Healthcare

Automate Front Line Security Controls with Machine Learning Models and Risk Scoring

The healthcare industry is a target for malicious attackers given the type of data that payers and providers hold. It’s a challenge across the industry to implement adequate data security controls as well as access management controls to ensure that malicious attackers are not able to gain access. Gurucul offers advanced security analytics to address a broad range of security issues facing healthcare providers and payers.

A Risk-Based Approach for Healthcare Security

Staying ahead of the attackers is always the biggest challenge in healthcare security. Don’t look to compliance regulations for inspiration regarding what sort of controls to develop for the future. Instead, take a risk-based approach. Look at what cyber criminals are doing. What are the threats and evolving attack techniques they are using? Then, identify controls based on those threats. Make sure you can respond with innovative controls in a timely enough manner to prevent or mitigate cyber risks.

User and Entity Behavior Analytics (UEBA)

UEBA provides the most realistically effective approach to comprehensively manage and monitor user and entity centric risks. UEBA quickly identifies anomalous activity, thereby maximizing timely incident or automated risk response. The range of Gurucul UEBA use cases is what makes the solution extensible and valuable in healthcare security. It focuses on the detection of risks and threats beyond the capabilities of signatures, rules and patterns.

‟ UEBA is one of the most powerful new security controls to emerge in recent memory.  I believe that most – if not all – our technical security controls will have some element of UEBA associated with it.  I view this as a very strategic shift for Aetna security, and I think that the rest of the industry will be following as well.

– Kurt Lieber, CISO, Aetna

Key Security Analytics Use Cases in Healthcare

Insider Threat

Healthcare companies face their largest threat from malicious insiders misusing or gaining unauthorized access to patient’s sensitive data (including PII and PHI information). According to the 2018 Protected Health Information Data Breach Report, healthcare is the only industry where insider threats pose the greatest threats to sensitive data; 58% of incidents stem from insiders.  According to the 2018 Verizon Data Breach Report, “the Healthcare industry has the dubious distinction of being the only vertical that has a greater insider threat (when looking at breaches) than it does an external threat. “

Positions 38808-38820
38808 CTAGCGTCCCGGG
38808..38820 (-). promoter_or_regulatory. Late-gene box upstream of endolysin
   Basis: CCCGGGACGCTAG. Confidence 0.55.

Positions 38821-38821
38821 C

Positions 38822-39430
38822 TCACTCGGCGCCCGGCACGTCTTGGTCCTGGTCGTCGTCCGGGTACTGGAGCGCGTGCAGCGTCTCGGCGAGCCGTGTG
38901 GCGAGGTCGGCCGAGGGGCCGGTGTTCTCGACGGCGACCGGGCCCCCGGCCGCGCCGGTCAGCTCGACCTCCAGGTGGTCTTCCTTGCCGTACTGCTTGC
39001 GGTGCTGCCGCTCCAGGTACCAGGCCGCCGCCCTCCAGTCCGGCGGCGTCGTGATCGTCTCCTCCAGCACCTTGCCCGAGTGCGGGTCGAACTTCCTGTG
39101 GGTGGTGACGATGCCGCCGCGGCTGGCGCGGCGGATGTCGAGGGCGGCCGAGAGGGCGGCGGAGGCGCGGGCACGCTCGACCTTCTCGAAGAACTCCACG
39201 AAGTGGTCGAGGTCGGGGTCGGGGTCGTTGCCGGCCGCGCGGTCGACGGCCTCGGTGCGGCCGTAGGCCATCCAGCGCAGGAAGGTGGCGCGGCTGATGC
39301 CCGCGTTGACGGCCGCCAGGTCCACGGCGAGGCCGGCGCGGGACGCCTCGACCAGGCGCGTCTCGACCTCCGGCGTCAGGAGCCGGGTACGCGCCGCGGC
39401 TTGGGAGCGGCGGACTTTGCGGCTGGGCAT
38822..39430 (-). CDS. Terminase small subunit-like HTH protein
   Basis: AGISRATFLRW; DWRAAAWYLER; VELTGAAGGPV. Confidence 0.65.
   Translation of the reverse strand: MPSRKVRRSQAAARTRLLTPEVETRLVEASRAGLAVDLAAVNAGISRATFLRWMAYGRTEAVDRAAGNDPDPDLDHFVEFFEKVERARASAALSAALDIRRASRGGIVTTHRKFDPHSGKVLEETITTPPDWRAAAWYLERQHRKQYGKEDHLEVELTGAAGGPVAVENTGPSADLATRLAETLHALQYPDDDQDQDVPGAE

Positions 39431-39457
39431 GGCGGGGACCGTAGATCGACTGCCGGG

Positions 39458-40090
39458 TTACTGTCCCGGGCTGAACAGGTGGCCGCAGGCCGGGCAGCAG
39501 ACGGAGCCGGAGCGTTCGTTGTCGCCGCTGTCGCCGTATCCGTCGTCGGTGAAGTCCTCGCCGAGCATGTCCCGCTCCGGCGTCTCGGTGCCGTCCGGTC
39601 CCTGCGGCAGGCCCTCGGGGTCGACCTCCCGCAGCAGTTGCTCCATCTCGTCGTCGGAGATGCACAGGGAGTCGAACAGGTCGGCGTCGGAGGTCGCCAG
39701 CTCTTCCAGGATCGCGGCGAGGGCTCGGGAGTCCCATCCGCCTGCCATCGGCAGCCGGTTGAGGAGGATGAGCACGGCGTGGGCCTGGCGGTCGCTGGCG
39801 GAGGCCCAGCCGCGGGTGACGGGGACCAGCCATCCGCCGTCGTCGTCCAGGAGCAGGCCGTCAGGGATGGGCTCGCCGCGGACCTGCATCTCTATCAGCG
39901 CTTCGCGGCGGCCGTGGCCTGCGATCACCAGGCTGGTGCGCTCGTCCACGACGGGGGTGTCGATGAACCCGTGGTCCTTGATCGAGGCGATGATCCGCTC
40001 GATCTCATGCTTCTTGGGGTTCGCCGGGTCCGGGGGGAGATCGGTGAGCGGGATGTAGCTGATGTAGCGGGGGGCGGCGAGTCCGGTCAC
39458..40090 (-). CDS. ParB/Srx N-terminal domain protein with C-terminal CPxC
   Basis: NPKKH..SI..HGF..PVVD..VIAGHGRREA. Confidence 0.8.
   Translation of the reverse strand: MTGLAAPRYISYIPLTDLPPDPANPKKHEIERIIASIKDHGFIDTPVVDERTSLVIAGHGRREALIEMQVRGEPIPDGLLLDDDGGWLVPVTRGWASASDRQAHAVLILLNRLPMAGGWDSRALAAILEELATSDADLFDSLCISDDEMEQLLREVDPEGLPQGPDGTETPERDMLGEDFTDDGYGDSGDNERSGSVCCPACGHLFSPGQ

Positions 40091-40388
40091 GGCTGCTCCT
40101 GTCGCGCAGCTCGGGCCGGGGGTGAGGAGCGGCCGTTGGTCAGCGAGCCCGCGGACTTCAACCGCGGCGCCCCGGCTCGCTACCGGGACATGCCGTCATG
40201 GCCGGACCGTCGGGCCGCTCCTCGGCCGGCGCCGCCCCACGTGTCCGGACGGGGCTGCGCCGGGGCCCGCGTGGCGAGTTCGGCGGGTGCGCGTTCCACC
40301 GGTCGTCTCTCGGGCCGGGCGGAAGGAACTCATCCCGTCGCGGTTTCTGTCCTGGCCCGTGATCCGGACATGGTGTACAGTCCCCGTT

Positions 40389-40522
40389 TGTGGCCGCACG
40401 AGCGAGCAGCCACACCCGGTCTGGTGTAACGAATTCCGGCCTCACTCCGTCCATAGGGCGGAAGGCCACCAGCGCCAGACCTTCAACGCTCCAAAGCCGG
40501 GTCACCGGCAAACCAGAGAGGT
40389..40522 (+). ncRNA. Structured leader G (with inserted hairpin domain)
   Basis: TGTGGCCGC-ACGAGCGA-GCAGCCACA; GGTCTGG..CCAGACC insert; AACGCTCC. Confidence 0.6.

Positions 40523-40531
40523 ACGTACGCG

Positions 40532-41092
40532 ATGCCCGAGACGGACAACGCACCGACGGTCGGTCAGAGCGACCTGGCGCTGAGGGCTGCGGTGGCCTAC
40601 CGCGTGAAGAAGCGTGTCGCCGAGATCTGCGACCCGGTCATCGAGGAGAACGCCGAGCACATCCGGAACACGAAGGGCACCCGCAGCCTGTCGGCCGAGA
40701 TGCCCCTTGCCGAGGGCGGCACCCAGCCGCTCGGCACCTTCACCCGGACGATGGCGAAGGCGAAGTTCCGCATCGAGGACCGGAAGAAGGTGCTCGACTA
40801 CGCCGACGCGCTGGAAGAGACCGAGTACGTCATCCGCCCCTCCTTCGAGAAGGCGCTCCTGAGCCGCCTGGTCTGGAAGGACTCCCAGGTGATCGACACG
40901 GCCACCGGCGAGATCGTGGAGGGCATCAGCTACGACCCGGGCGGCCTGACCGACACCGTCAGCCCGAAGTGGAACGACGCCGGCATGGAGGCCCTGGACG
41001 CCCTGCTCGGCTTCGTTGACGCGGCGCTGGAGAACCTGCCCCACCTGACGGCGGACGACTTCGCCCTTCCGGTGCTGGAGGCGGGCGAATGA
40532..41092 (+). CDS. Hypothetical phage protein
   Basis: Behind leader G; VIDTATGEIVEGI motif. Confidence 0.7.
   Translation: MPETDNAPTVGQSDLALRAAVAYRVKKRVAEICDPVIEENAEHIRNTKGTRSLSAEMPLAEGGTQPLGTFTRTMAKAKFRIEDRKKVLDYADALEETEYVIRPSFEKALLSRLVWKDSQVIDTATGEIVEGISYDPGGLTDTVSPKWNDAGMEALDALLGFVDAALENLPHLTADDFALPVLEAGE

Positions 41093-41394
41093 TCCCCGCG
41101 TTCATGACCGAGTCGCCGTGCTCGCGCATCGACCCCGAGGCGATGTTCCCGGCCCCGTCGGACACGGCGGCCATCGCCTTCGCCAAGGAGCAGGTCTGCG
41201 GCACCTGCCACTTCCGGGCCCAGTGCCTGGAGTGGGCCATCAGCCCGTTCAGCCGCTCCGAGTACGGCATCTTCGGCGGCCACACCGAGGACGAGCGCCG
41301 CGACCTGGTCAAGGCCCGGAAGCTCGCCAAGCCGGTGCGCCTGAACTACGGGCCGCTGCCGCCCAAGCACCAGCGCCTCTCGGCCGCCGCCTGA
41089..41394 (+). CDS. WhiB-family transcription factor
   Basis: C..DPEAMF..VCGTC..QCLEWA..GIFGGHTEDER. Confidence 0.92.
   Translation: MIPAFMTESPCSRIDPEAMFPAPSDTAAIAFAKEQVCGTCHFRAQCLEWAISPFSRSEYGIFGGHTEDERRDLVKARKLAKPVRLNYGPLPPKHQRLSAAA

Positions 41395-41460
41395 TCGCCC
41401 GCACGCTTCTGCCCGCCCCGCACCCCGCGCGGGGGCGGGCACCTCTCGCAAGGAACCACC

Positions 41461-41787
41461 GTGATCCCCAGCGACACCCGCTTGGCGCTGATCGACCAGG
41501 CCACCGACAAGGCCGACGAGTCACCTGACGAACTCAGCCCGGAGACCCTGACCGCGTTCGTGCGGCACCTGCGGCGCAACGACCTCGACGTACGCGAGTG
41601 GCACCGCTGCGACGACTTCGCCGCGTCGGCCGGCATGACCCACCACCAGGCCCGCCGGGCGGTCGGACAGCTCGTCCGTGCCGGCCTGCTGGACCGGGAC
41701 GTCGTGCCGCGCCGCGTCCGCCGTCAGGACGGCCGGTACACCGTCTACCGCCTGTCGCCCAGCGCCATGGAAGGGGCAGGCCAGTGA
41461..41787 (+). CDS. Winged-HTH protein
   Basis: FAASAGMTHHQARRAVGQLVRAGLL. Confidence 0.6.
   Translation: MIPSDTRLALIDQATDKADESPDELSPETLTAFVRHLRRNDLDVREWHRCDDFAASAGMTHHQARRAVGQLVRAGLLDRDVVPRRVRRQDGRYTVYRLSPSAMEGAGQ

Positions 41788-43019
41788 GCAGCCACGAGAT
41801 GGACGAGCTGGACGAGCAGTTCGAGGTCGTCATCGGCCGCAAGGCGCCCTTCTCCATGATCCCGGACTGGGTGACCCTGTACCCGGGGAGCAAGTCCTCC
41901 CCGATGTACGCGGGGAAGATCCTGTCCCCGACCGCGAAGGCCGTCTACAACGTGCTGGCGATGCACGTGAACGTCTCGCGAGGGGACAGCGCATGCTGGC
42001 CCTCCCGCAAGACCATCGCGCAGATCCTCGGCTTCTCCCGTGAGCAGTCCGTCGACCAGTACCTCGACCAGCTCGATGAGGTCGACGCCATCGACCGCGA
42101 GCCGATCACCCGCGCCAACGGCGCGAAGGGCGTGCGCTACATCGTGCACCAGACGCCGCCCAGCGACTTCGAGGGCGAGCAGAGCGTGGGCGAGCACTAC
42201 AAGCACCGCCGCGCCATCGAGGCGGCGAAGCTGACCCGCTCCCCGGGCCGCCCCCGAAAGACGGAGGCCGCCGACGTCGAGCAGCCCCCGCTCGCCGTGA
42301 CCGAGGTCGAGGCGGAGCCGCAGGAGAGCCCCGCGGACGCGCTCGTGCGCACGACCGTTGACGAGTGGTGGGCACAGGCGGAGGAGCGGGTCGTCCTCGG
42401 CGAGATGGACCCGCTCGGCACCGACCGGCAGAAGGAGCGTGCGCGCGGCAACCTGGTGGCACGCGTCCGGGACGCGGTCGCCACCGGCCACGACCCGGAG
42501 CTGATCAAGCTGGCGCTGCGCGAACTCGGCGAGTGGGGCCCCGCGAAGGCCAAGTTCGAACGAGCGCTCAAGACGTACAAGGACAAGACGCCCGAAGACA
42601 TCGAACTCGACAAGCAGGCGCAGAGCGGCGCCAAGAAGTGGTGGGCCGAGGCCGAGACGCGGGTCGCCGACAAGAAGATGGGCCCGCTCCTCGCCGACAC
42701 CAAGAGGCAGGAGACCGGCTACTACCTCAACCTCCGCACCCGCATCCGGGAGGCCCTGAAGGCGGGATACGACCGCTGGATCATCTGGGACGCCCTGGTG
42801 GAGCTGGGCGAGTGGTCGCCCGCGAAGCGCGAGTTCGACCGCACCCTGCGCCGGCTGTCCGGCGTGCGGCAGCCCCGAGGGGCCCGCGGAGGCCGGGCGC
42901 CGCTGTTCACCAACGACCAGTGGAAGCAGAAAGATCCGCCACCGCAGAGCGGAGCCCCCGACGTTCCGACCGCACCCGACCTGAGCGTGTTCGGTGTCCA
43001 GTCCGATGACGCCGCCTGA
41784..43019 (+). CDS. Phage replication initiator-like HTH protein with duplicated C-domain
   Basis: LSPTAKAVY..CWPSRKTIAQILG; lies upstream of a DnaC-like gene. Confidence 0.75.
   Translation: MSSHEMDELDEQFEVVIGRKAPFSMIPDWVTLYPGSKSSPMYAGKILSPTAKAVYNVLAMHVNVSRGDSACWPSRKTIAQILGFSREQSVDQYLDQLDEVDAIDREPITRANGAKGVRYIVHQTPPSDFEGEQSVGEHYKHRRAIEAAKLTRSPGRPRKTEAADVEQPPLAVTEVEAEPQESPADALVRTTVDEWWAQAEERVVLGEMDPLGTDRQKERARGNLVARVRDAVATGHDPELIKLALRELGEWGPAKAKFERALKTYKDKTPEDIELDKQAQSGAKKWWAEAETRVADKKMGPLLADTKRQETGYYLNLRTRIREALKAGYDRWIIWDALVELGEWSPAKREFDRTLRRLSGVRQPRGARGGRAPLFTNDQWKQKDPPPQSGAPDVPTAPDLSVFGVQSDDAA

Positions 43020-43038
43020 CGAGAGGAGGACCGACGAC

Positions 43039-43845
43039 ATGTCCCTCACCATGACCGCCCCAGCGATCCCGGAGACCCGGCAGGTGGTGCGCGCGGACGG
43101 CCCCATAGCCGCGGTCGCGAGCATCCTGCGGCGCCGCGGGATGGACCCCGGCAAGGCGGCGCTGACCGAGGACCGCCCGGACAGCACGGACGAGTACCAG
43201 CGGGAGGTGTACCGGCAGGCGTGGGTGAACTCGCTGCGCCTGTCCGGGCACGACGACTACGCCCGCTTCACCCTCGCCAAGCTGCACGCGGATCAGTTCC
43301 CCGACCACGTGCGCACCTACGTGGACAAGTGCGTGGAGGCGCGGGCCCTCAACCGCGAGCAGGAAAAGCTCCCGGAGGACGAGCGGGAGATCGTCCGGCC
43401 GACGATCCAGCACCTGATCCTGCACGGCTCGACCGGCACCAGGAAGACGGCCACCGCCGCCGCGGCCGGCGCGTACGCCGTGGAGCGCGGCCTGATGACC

male physician typing on computer

Typical Insider Activities

  • Patient record “snooping” – viewing medical records of friends, family, neighbors
  • Sensitive data exfiltration to personal ids, competition or bad actors
  • Print/Download/Export activity including patient records and reports
  • Stealing VIP medical records
  • Unauthorized access to patient data from unrelated departments (e.g. pediatrics nurse accessing records from neurology)
  • Unusual access to medical devices from suspicious devices, users and network IP addresses

All of these activities can be addressed by monitoring activity logs from Electronic Medical Records Systems (EMR), such as Epic, Allscripts, Cerner, GE combined with IT platforms such as proxy, firewalls, VPN and Windows/AD.

Medical Devices

Medical devices are under increasing threat from ransomware attacks. In the past, manufacturers built medical devices with proprietary firmware or other exclusive features that were unlikely targets of cyberattack. Now, manufacturers are building cheaper and more scalable medical devices running easily compromised operating systems, such as Windows, that are targets in ransomware attacks.

Healthcare organizations must also deal with unexpected changes in device configurations, broken or malfunctioning equipment, and “lost” devices that are unaccounted for in inventory.

 

Protect Patients by Securing Medical Devices with Behavior Based Security Analytics
Protect Patients by Securing Medical Devices with Behavior Based Security Analytics